Responding to User Feedback, V6


28, 2012

by John Shedletsky


User Feedback SessionsEver since we made the request for your ROBLOX “Top Three,” we’ve been combing through the feedback and responding to your most insightful comments and pertinent questions. This week, John Shedletsky, ROBLOX’s Creative Director and Content Lead, elaborates on a variety of topics, including making money off your ROBLOX creations, dynamic “loading” of levels and content, Linux support, multiplayer ROBLOX Studio and more. For previous entries in this series, click here.


centraltrains: In-game purchases. I would like to be able to sell a VIP pass to my game in-game through the official system! Maybe charge users to use this, but it would be like teleport for buying.

This is a great idea and something many of us at ROBLOX have been discussing recently. As you may know, game creators currently sell VIP access to their games in a roundabout way, where you buy a special shirt and receive special privileges for wearing it in game. This is a very clever method that users have discovered, but is not the best or easiest way to conduct this transaction. We want to make it very simple in the future to sell VIP access and more within the game interface.

Bossofall: Let builders make money. We spend hours and hours working on a game, I think players deserve to earn some money from ROBLOX for making games. Maybe you guys can create a partner program like that of YouTube; once we get to a certain amount of place visits, we get paid for every subsequent 1,000 visits.

R$First off, Bossofall, great username. Second, this is also something that we have been thinking about recently. Nothing would make us happier than to have several thousand college students or indie game studios building games on ROBLOX and making enough from those games to support a small business.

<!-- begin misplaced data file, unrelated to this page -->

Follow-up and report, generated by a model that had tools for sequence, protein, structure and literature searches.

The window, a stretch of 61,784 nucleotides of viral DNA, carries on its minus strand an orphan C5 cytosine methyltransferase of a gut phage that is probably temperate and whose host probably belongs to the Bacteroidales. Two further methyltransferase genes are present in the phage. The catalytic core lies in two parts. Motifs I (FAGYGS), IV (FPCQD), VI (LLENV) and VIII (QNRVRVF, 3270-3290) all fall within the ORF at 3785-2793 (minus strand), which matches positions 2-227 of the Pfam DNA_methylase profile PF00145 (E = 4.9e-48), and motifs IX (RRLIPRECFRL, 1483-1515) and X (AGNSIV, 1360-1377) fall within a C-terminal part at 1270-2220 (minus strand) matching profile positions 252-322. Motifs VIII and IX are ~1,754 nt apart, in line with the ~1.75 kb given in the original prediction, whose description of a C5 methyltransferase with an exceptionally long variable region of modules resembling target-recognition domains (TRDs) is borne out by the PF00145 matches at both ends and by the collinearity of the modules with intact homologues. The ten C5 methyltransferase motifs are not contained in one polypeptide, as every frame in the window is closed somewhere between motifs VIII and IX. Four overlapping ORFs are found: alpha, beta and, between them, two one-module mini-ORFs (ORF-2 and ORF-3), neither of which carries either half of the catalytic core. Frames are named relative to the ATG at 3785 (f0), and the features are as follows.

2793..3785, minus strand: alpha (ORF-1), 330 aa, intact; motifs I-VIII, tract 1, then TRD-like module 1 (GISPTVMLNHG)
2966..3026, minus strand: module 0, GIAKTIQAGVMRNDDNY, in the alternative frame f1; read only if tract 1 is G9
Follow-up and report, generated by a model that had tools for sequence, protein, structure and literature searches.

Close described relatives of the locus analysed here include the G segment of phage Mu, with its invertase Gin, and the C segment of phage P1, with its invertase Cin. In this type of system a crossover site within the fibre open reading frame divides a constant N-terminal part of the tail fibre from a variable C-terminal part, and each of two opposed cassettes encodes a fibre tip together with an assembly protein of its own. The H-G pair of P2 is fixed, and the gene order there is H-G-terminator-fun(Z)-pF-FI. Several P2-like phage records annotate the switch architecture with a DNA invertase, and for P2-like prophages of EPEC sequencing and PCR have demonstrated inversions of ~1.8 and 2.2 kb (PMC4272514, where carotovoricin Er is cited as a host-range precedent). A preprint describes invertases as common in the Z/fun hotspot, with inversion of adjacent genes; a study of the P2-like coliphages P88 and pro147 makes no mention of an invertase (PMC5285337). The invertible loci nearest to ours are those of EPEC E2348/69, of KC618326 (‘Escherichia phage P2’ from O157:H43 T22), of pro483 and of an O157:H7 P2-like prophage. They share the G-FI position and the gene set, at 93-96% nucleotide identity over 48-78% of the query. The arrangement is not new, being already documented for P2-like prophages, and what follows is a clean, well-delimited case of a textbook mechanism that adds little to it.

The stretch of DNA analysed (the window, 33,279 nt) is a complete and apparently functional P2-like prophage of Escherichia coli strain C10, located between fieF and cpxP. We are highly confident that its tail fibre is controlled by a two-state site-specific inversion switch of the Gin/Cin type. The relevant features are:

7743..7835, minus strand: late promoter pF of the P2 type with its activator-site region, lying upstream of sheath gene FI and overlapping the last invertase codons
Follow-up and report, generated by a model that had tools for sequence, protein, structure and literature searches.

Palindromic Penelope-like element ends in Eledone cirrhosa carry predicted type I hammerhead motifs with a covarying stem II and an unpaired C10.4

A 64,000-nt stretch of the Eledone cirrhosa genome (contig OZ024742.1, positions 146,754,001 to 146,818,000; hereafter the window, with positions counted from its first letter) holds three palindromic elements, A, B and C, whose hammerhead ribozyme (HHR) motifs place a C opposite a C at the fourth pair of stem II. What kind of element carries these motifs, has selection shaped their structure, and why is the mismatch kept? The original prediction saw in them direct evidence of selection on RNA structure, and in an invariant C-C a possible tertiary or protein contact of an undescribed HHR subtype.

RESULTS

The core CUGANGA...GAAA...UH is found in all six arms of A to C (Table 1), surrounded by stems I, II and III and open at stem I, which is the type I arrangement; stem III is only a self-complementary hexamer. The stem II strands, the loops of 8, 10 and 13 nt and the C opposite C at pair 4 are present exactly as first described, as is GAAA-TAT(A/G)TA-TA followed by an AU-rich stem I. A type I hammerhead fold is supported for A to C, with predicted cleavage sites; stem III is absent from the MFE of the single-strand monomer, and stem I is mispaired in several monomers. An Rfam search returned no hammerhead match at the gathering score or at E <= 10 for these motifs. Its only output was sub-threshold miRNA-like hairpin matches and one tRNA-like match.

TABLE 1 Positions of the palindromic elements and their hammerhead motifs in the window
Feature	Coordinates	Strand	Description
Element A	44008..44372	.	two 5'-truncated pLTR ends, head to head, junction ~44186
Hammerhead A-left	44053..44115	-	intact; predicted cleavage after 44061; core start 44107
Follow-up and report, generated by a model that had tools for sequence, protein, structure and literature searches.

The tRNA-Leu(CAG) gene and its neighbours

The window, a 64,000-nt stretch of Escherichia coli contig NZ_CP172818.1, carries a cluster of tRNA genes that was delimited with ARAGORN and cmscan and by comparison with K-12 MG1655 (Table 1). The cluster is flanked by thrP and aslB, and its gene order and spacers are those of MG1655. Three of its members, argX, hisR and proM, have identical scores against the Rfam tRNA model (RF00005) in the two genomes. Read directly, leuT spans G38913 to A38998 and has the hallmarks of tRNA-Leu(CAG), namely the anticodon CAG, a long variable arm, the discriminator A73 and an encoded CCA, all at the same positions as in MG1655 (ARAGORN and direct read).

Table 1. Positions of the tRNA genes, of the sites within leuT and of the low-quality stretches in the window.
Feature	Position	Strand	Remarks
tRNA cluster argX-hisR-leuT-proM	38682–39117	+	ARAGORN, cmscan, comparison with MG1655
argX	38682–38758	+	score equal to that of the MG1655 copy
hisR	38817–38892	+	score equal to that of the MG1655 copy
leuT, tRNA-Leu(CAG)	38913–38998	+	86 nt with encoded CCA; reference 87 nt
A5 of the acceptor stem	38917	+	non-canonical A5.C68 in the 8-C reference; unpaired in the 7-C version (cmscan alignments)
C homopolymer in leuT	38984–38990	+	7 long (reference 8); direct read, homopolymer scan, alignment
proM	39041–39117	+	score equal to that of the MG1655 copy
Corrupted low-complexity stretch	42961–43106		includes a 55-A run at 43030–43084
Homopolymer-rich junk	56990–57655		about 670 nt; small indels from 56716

As you might imagine, allowing game creators to make real money on their ROBLOX games is very complex, both from a technical standpoint and from a legal/tax perspective. I’ve heard lawyers say that would basically make ROBLOX Corp a bank; at that point there are all sorts of strict regulations to follow.

This is not to say that this is ultimately going to be a blocker, only that it will take us some time to prepare and comply.

“Dynamic loading”

Hikia: A lag-free storage area. I’d like some area on the place that can simply be used to store levels for the game without running scripts or calculating collisions, allowing for bigger mini game places or larger levels for competitive maps. Essentially, dynamic “loading” of maps.

This is basically what people have been using the Lighting service for: creating a replicated data cache. This is, of course, a hack. We’re looking at a way to provide a better and more full-featured solution for loading and pre-fetching data that you know your Lua scripts are going to need to run your game.

Cinematic camera control

Paingred: An easy way to create camera views without having to code. This would make games on ROBLOX a ton more interesting. This would allow the player to make cutscenes, 2D / first-person games, interesting videos for YouTube, cool pictures and much more.

We’ve recently added the bindings that are necessary to allow Lua finer-grain control of the camera. The next step is to do as you suggest and create a set of plugins for creating cutscenes and camera fly-throughs and set them up to be played with minimal scripting.